Stealing what you want is undoubtedly easier than earning it, as the evil protagonists of today’s stories know well.
Yet even in their lack of conscience, hiding the good soul of a lost person searching for his or her place in the world.
We all seek this magical secret door leading to existential Nirvana, to which the most straightforward key to open always seems to be dirty, dirty money.
Indeed, money talks and bullshit walks as said one of Jesus’ acolytes who wisely left the group before the Last Supper.
So put on your favorite bandit hat and find a couple of trusted sidekicks because in these movies, it’s easy to get fooled, and the last to laugh is always right, as the rules of any crime comedy dictate.
Table of contents
Analyze This (1999)
Starring prominently in this movie that seamlessly blends crime and comedy is the great Billy Crystal, a bored psychologist who accidentally rear-ends the car of a dangerous gangster’s henchmen one night.
The incident immediately comes to a close, except the boss later shows up at his office arrogantly demanding a private consultation.
Indeed, behind his unscrupulous tough guy facade, the man hides a profound existential crisis that causes him to have panic attacks or burst into tears for no reason.
Although frightened, the psychologist is touched by the boss’s emotional fragility and eventually decides to help him.
Unfortunately, his presence will be noticed by the FBI, which wants to use him as a spy to uncover the gang’s dealings.
In addition, one of the rivals wants to eliminate the competition ahead of a summit that will bring together the most giant bosses in the United States for the first time in 50 years.
It is refreshing to watch a comedy relying not only on vulgarity or sleazy sexual innuendo and instead on a good script and excellent acting performances.
Needless to point out, Billy Crystal‘s brilliance, who has always been an unerring comedian, is here alongside Robert De Niro, ironically playing the criminal roles that made him famous in movies such as Casino or GoodFellas.
The ingredients are all there, and Harold Ramis‘ expert hand picks the perfect comedic timing in a movie already a cult among crime comedies.
The Whole Nine Yards (2000)
After the previous movie starring Lisa Kudrow, let’s talk about a crime comedy with another of Friends‘ funny stars, Matthew Perry.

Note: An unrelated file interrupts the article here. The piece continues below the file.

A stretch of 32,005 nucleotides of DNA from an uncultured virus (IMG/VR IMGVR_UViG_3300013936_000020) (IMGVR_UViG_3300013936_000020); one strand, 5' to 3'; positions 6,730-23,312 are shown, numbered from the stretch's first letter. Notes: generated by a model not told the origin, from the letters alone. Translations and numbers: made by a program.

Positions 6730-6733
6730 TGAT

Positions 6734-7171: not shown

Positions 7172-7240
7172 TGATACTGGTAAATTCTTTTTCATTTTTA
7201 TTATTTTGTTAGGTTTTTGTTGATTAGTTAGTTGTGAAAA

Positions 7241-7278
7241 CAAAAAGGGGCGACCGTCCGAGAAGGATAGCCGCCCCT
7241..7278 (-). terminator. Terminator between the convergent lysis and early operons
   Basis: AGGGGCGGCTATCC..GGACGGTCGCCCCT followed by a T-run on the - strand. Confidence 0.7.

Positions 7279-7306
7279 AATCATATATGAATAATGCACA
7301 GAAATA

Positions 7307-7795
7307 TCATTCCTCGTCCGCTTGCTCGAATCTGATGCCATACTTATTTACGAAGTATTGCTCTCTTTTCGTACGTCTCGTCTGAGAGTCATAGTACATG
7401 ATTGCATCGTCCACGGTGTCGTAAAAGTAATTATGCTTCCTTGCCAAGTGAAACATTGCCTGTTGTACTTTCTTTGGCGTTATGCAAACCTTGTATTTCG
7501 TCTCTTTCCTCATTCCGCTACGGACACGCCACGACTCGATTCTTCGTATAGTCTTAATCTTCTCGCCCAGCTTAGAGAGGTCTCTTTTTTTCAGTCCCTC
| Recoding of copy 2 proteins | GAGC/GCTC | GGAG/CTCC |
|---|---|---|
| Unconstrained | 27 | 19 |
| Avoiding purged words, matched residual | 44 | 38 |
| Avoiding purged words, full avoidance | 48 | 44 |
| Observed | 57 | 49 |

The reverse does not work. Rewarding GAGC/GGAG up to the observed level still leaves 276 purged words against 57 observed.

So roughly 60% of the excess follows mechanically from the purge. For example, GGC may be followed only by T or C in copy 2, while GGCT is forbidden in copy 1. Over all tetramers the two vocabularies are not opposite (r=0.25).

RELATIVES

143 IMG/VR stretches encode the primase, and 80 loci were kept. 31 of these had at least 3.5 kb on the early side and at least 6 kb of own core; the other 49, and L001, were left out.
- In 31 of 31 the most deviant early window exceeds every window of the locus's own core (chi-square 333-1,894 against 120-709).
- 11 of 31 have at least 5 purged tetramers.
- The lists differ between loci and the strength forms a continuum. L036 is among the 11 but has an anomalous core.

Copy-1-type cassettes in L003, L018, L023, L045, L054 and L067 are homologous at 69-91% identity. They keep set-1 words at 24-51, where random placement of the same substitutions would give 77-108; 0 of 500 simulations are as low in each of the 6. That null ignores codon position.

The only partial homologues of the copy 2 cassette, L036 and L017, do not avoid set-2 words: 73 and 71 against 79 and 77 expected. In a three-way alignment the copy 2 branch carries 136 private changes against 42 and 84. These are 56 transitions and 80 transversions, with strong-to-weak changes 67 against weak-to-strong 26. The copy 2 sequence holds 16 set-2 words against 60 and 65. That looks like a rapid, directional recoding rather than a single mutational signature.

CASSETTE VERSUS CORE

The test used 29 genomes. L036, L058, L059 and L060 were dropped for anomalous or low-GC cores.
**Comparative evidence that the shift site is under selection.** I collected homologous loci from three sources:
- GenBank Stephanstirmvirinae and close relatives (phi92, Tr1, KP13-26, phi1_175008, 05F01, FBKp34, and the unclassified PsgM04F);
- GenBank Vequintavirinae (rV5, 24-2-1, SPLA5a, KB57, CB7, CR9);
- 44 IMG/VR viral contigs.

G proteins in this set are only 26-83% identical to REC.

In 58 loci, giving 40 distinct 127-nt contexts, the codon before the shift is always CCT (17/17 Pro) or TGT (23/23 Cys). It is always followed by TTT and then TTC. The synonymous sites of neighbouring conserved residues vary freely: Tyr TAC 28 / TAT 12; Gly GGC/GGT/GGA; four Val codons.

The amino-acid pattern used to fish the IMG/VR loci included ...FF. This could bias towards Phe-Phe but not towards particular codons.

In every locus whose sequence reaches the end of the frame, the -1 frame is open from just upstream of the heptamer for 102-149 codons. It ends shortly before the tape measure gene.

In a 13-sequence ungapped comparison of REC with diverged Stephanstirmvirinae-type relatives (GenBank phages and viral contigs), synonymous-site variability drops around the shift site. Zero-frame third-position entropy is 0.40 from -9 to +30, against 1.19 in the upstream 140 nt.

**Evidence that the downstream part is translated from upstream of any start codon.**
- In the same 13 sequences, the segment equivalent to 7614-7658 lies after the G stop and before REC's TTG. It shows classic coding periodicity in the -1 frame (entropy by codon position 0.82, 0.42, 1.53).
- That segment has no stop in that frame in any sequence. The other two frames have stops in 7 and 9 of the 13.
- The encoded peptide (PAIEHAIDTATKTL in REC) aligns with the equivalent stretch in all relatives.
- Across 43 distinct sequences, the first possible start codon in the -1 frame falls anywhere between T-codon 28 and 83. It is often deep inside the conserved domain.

The actor plays a harmless dentist in exile in a small Canadian town after his father-in-law ruins their American clinic by losing all the money gambling.
Although he is slowly trying to restart his business, his wife nonetheless hates him so much she seeks a hitman to kill him.
At the same time, a new face arrives in the neighborhood, initially seeming friendly and open toward his neighbors.
Watching more closely, however, the dentist recognizes a notorious criminal who made headlines in his Chicago days.
He was once a ruthless contract killer, but after betraying his gang, he now lives anonymously to escape revenge.
Of course, his evil wife thinks of nothing but bounty money, convincing her husband to betray his new friend and sell him out to his cronies.
Jonathan Lynn directs this crime comedy of equivocal misunderstandings at a good pace, fresh from the brilliant Clue of the 1980s, where he brought the famous game to the movies.
Although known for his tough-guy roles in Die Hard, the actor has always shown excellent charisma in comic characters as well, mindful of his television beginnings in the comedy/romantic series Moonlighting.
We, therefore, recommend watching it to anyone looking for a lot of cheerfulness and a bit of wholesome criminal naughtiness, here mixed in the proper measure without exaggeration one way or the other.
Get Hard (2015)
If there’s one thing we can always rely on, it’s laugh-out-loud movies starring Will Ferrell, like this comedy where he enrolls in a hilarious and spectacular school of crime.
Indeed, the actor plays a businessman whose life is running high, engaged to the sexy daughter of his boss whose financial corporation business he successfully runs.
Until, like a bolt out of the blue, a tax investigation falls on him, and overnight he is in danger of spending ten years in a maximum-security prison.